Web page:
Medically reviewed by Drugs.com. Last updated on Jul 4, 2022.
What is pneumonia?
Pneumonia is an infection in your lungs caused by bacteria, viruses, fungi, or parasites. You can become infected if you come in contact with someone who is sick. You can get pneumonia if you recently had surgery or needed a ventilator to help you breathe. Pneumonia can also be caused by accidentally inhaling saliva or small pieces of food. Pneumonia may cause mild symptoms, or it can be severe and life-threatening.
What increases my risk for pneumonia?
- A cold or the flu
- Health conditions, such as heart or lung disease
- A weakened immune system caused by HIV, cancer, or steroid use
- Recent hospitalization
- Excess alcohol use
- Older age
What are the signs and symptoms of pneumonia?
- Fever or chills
- Shortness of breath or rapid breathing
- Chest pain when you cough or breathe deeply
- Fatigue or confusion
How is pneumonia diagnosed?
Your healthcare provider will listen to your lungs. Tell him or her if you have other health conditions. Give your provider a complete list of all medicines you have taken recently. You may need any of the following:
- Blood tests may show signs of an infection or the bacteria causing your pneumonia. Blood tests can also show how much oxygen is in your blood.
- A chest x-ray may show signs of infection in your lungs.
- Pulse oximetry measures the amount of oxygen in your blood.
- A mucus sample is collected and tested for the germ that is causing your pneumonia. It can help your healthcare provider choose the best medicine to treat the infection.
How is pneumonia treated?
- Antibiotics treat pneumonia caused by bacteria.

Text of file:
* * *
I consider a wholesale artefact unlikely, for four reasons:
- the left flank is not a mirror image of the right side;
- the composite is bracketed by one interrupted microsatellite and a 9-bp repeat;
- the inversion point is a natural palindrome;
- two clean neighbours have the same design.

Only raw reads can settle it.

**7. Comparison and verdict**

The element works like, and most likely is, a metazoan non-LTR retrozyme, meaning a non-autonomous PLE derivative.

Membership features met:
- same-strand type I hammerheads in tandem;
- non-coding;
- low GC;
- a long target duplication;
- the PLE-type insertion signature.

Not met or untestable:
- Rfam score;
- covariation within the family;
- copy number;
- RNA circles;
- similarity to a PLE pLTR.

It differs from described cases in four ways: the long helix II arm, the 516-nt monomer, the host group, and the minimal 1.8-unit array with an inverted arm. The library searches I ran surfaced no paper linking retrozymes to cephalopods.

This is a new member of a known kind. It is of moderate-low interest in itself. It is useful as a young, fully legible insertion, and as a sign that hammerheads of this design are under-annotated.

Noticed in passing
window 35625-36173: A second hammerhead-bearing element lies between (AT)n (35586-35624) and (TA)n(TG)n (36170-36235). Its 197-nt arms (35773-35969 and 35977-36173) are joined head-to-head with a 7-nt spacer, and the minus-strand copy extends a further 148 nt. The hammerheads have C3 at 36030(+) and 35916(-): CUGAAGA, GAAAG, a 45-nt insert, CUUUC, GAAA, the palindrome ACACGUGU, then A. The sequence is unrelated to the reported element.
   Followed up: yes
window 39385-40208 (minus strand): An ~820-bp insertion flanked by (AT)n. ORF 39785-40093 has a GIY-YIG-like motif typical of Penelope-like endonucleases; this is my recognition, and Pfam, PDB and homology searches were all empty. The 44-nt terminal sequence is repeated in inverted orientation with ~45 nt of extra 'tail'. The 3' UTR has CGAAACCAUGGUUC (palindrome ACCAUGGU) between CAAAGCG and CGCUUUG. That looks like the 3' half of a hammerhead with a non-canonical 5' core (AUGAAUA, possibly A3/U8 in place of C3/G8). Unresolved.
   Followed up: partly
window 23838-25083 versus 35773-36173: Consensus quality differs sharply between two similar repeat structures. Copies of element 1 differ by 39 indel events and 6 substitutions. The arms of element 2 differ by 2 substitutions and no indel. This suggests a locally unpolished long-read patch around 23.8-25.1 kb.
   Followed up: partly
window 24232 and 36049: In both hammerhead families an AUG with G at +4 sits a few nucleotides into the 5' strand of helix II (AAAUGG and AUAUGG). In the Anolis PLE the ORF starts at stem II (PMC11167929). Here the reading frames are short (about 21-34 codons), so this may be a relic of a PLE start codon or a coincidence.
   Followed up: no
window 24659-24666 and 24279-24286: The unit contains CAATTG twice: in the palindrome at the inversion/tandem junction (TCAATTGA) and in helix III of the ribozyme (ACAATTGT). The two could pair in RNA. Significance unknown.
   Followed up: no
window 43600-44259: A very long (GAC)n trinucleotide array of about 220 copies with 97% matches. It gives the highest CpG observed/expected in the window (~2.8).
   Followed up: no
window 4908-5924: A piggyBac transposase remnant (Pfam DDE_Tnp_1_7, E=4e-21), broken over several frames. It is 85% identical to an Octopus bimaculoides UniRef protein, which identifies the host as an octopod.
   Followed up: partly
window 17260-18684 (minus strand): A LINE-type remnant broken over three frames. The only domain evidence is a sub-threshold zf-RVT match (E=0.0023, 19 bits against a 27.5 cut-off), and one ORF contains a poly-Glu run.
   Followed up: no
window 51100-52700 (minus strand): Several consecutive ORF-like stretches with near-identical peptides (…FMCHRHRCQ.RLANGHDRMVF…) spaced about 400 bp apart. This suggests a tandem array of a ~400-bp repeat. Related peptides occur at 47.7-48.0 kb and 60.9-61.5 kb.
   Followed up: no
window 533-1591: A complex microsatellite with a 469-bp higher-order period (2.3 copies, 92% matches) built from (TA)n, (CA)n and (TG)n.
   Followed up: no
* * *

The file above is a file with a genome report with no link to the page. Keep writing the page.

- Acetaminophen decreases pain and fever. It is available without a doctor's order. Ask how much to take and how often to take it. Follow directions. Read the labels of all other medicines you are using to see if they also contain acetaminophen, or ask your doctor or pharmacist. Acetaminophen can cause liver damage if not taken correctly.
- NSAIDs , such as ibuprofen, help decrease swelling, pain, and fever. This medicine is available with or without a doctor's order. NSAIDs can cause stomach bleeding or kidney problems in certain people. If you take blood thinner medicine, always ask your healthcare provider if NSAIDs are safe for you. Always read the medicine label and follow directions.
- Airway clearance techniques are exercises to help remove mucus so you can breathe more easily. Your healthcare provider will show you how to do the exercises. These exercises may be used along with machines or devices to help decrease your symptoms.
- Respiratory support is given to help you breathe. You may receive oxygen to increase the level of oxygen in your blood. You may also need a machine to help you breathe.
The following list of medications are in some way related to or used in the treatment of this condition.
What can I do to manage my symptoms?
- Rest as needed. Rest often throughout the day. Alternate times of activity with times of rest.
- Drink liquids as directed. Ask how much liquid to drink each day and which liquids are best for you. Liquids help thin your mucus, which may make it easier for you to cough it up.
- Do not smoke. Smoking increases your risk for pneumonia. Smoking also makes it harder for you to get better after you have had pneumonia. Ask your healthcare provider for information if you need help to quit smoking. Avoid secondhand smoke.